Originally Posted by jazzsnob
I have to say thanks for the inspiration. I've been a fan for 7 or 8 years now and I still listen often. I have two questions:
A: How do you practice you time keeping and mimicing(sp?) time feels? How do you practice listening? How time do you spend setting up drum sounds in the studio?
B:What do think about Polka Party? Because I know it didn't too well commercially, but I've been listening to it a lot recently and it's really damn good.
A: Mimicing feels is sometimes tough. It's one thing to play the parts, and another to play the feel. In some cases I've had to be a little loose, in others, dead on tight, and for Genius In France (Zappa homage on the Poodle Hat album) while copying various drummers from Ralph Humphrey to Bozzio to Wackerman, and Chad's in particular has a deceptively light touch with a very matter-of-fact style, it's almost choppy. I guess 'deliberate' is the best word to describe it. That was a tough one, and I'm very proud of my work on that.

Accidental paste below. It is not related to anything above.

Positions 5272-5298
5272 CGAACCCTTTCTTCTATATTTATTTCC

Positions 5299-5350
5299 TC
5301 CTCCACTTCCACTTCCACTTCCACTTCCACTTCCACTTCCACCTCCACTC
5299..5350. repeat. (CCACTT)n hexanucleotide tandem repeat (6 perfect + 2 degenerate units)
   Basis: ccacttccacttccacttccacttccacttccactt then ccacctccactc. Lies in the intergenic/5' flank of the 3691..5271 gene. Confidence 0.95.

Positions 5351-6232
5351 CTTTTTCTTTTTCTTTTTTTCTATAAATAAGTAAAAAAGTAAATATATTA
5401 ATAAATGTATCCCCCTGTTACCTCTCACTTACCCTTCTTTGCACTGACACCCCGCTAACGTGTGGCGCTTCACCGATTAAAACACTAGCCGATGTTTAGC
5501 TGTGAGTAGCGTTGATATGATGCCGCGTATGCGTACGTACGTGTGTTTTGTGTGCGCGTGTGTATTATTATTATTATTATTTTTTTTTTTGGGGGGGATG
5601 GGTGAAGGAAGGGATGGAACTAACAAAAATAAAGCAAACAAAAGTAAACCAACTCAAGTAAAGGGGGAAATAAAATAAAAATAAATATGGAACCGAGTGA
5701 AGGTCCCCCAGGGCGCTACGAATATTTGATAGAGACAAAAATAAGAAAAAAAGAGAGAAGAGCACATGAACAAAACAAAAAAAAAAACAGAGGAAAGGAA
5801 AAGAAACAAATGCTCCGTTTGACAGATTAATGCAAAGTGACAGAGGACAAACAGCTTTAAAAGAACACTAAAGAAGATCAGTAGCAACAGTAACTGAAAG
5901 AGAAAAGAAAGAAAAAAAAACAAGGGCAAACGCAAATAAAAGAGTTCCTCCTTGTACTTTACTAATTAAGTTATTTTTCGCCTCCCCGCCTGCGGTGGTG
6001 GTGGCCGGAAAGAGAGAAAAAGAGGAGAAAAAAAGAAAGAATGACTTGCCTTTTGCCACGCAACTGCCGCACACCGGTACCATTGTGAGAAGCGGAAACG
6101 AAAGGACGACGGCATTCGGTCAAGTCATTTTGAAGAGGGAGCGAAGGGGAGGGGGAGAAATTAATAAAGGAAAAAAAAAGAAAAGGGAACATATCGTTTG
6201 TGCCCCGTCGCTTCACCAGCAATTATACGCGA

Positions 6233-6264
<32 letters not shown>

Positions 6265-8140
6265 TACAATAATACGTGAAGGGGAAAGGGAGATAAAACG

For listening, it's always been natural to me. Even as a kid, I focused on the drum parts, and played along to whatever was on the radio (mid-60s) or the family turntable: Beatles, Gene Krupa, and a host of Afro-Cuban albums from the late 50s.
For the studio, I pre-select toms and kick/s, snares, and cymbals that fit the material, and may bring additional heads as required. I've got everything tuned when I come in, and our engineer has been with us for over 20 years (and also happens to be a drummer) so we get sounds in 10 or 15 minutes per song. We'll cut 5 or 6 tracks in a day.
B. I thought the Polka Party! album was good as well, one of my favorite tracks is Dog Eat Dog. There's some nice programming too, despite having to trick my Yamaha RX11 into playing certain parts. Not sure why the album didn't do well though, and it's one of only a few that failed to even go Gold, which after literally 20 years in print isn't too much to ask!